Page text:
Girl, Interrupted (1999)
Winona Ryder and Angelina Jolie play in this vivid portrayal of a woman named Susanna’s experiences in an American psychiatric institution in the 1960s. Based on the book by the same title by Susanna Kaysen. After attempting suicide, Sussana develops relationships with other women in the ward. Her journey reflects on the meaning of being mentally ill, struggles with her treatment, learning how to commit herself to become ‘well,’ and changing her relationship with how she engages in medical therapy. Winner of an Oscar for Best Actress in a Supporting Role by Angelina Jolie.
Little Miss Sunshine (2006)
Follow the funny story of the Hoovers, a multi-generational family starring Greg Kinnear, Steve Carell, and Toni Collette; also starring Alan Arkin. They vividly portray a troubled family riddled with constant friction that are transformed while on a road trip out west together. They endure one calamity after another, which forces the family to shift. The problematic vehicle becomes the symbol of their family, only functioning when everyone pitches in to contribute. Through this, they discover that their differences can actually complement each other instead of inciting friction.
Silver Linings Playbook 2012
Nominated for best picture of the year and winner of an oscar for Best Performance by an Actress in a Leading Role by Jennifer Lawrence, this romantic comedy-drama follows Pat, played by Bradley Cooper, who was released from a psychiatric hospital and moved back with his parents. Pat has bipolar disorder and is trying to win back his wife. Pat meets Tiffany, a young widow with borderline personality disorder, who offers to help him in exchange for joining her in a dance competition. Pat, his father, and Tiffany reflect on their relationship as they cope with their personal situation. Also starring Robert De Niro.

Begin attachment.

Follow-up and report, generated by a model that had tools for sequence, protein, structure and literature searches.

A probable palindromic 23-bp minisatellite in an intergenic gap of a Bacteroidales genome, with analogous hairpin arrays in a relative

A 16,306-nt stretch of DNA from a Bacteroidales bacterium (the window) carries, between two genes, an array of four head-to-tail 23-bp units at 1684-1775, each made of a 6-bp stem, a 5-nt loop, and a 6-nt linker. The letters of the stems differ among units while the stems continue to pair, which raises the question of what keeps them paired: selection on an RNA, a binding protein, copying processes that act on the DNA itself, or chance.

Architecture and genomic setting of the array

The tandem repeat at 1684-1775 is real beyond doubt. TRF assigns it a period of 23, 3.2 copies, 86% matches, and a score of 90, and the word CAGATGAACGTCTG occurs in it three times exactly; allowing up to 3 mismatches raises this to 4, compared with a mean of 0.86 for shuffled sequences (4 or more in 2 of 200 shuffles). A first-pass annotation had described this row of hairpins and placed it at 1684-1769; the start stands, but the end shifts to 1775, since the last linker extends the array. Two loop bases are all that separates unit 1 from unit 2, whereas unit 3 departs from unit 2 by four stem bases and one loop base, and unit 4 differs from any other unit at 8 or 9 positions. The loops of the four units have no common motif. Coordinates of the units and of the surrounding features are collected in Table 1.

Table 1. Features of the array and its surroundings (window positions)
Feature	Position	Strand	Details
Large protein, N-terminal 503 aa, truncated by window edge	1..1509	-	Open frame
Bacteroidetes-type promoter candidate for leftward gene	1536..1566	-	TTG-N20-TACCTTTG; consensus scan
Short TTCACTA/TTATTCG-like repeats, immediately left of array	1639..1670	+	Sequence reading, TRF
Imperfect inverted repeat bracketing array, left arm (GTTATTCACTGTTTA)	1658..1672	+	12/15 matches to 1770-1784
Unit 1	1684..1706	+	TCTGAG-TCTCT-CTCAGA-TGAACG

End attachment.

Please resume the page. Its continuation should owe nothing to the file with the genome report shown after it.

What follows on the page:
This film very vividly and accurately portrays a common borderline personality disorder symptom called “splitting,” which often results in individuals with the disorder rapidly and frequently oscillating between idealizing/loving and devaluing/hating important figures in their lives. Look for the scene in which Pat makes a cutting comment that deeply upsets Tiffany, whereupon she explodes and verbally eviscerates him on a public street.
The Hours (2002)
This film, winner of an oscar for Best Actress in a Leading Role by Nicole Kidman, is actually three stories about different women in different decades. In 2001, Clarissa, a New Yorker, prepares a party for her AIDS-stricken long-time friend. In 1951, a pregnant housewife, Laura, escapes her mundane life by reading. In 1923, Virginia began writing the book that would later connect her to Laura and Clarissa. Also starring Meryl Streep and Toni Collette. Each of these women deal with suidide in their lives